"He had been hit by a mortar that came down in front of our car," she writes. "I was on my way to a housing project to photograph Miss Sarajevo. We put him in the car, and sent him to the hospital, but he died on the way."
Her exhibition was organized by Charlotta Kotik for the Brooklyn Museum. It will be seen in Paris and in London before its 10-city tour is over. At the Corcoran it closes, rather beautifully, with giant wall-sizelandscapes of the deserts and the waters of God's exalted earth. That's what she is best at, shooting the exalted.
For a while she forgot.
* * *
What cracks her show in half is grief, harrowing grief.
For the 15 years surveyed, the artist shared her life with the writer Susan Sontag, who, after years of sickness (chemo, a mastectomy, ambulances, hospitals, a bone-marrow replacement) died on Dec. 28, 2004.
Sontag was as famous as Leibovitz. She was famous for her brilliance and for being an American version of a Parisian star intellectual, and for the skunk-streak of bright white that ran through her black hair.
"There are beautiful deaths," says Leibovitz. "Susan's death was ghastly. She didn't want to go."
Leibovitz loved her. And watched her unstoppable dying. And then she watched her dad's.
"My father," writes the artist, "had been ill for some time, and I had flown down to Florida to be with him after spending Christmas in the hospital in New York with Susan. She died before I could get back. He died six weeks later."
Leibovitz had her first child, Sarah, at age 51. Her twins, Susan and Samuelle, arrived 3 1/2 years later. She was raising three young daughters in the midst of all that death.
"Susan," she writes, "used to complain that that I didn't take enough pictures . . . I would take a few rolls of film and throw them in a box and they wouldn't be developed for months. Sometimes I wouldn't even look at the contact sheets. But after Susan died . . . I began searching for photographs of her . . . because it made me feel close to her and helped me to begin to say goodbye. I found so many things I didn't remember or perhaps had never even seen before. I also began looking at all the photographs I had taken of the rest of my family."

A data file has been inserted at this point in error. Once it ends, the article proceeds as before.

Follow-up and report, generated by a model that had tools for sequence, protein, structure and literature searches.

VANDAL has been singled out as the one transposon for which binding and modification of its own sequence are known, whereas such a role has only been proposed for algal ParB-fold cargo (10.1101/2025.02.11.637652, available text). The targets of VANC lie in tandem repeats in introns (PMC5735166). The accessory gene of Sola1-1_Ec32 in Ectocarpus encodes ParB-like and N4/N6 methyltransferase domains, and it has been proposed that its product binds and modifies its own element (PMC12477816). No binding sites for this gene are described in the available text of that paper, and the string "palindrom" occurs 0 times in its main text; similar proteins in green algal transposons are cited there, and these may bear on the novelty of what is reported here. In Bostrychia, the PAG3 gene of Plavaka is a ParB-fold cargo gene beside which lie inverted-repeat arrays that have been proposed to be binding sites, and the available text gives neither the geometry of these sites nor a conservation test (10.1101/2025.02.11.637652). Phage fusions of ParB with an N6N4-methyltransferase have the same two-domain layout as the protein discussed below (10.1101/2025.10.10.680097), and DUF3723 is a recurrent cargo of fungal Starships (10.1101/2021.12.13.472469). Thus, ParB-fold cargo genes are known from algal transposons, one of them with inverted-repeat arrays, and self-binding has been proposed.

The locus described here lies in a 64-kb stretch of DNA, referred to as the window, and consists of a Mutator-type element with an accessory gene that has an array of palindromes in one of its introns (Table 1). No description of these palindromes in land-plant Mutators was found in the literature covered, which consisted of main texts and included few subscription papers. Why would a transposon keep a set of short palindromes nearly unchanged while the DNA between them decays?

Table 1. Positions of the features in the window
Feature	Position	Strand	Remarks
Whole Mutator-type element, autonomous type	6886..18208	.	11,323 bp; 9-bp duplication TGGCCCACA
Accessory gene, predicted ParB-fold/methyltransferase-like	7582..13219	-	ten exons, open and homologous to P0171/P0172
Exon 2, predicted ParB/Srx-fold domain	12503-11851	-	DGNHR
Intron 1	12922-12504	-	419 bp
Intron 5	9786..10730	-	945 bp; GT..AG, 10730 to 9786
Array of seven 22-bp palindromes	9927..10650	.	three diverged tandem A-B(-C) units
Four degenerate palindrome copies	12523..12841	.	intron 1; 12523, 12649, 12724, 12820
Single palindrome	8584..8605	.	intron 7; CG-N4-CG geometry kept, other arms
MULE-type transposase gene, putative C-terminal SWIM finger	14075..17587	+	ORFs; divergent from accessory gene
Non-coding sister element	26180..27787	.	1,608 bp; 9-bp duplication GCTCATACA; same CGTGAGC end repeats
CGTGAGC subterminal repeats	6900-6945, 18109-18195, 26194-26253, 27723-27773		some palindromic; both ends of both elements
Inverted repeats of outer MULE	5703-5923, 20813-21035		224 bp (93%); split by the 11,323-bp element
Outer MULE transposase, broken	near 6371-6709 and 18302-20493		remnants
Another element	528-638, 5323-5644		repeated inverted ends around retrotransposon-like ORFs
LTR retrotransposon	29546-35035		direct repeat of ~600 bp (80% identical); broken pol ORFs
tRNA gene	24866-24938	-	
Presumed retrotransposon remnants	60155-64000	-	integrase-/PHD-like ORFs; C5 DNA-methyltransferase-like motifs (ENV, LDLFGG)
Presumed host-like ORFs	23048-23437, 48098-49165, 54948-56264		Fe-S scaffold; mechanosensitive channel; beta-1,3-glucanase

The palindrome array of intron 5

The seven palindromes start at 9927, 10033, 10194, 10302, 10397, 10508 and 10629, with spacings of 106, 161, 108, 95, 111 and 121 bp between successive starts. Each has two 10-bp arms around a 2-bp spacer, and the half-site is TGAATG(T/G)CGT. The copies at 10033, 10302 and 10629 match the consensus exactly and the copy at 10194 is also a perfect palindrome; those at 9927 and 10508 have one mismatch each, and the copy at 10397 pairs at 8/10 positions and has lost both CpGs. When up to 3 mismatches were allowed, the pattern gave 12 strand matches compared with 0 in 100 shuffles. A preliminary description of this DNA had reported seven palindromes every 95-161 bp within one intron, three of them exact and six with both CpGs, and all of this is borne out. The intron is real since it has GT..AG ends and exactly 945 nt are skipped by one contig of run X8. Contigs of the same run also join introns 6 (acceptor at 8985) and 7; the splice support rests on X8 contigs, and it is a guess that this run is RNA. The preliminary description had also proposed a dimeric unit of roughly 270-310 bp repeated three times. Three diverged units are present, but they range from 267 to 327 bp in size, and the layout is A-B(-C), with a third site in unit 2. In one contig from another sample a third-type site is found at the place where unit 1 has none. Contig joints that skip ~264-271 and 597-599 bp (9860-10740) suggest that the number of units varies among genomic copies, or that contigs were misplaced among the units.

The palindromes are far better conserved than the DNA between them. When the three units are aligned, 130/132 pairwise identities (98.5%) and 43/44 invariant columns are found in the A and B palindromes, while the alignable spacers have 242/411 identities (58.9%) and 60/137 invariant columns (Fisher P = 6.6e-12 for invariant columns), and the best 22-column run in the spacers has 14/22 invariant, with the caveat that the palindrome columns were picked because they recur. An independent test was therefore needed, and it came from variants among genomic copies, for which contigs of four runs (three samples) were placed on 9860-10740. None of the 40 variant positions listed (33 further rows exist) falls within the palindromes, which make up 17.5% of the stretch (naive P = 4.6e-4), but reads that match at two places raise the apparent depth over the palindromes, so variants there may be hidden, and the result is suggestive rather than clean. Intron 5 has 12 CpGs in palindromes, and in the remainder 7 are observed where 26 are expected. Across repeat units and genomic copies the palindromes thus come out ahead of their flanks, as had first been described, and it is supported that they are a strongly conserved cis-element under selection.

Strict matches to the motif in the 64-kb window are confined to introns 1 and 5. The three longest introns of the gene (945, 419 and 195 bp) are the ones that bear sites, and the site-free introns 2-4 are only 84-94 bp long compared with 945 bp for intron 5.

Her father's last good years, his slow decline, his grave. Her lover's last good years, her slow decline, her corpse. Her family on the beach, her family in mourning. Pictures of this sort take up nearly half the show.
They don't look much like polished art. They look much more like snapshots soaked in love and hurt. None of them are bad. She doesn't take bad pictures. But they mean much more to her than they'll ever mean to us.
Susan on Mount Vesuvius, Susan at her desk, Susan in bed, Susan in the bathtub, Susan's computer, her shell collection, her notebooks, Susan getting her hair cut, Susan in Paris, Susan in Venice, Susan getting sicker, Susan's body bloating, and finally, Susan dead.
The best of Leibovitz's portraits are polished to a fare-thee-well. Here the surface splinters. Too much Susan, too much family, too much Annie, too. Usually her subjects absorb all your attention. Not here. This is like standing in the memoir department at the bookstore: too much me, me, me.
Leibovitz is walking through her Corcoran exhibition. No, not walking, striding. She says, "I can't believe I did this."
"What did I do?" she asks herself. Then she answers her own question.
"I was crazy," says Annie Leibovitz. "The grief leaked out of me."
"Annie Leibovitz: A Photographer's Life, 1990-2005" Tickets are required for admission to "Annie Leibovitz" at the Corcoran Gallery of Art. The cost at the museum is $14 for adults, $12 for seniors and members of the military and $10 for students. Tickets can be purchased through http://www.ticketmaster.com. The show is supported by American Express. The museum, at 17th Street and New York Avenue NW, is closed on Tuesdays. On other days the hours are 10 a.m. to 5 p.m., except on Thursdays when it remains open until 9 p.m. For information call 202-639-1700 or go to http://www.corcoran.org/leibovitz. Many more photographs than the 195 on view are reproduced in the $75, 472-page hardcover catalogue. The show closes Jan. 13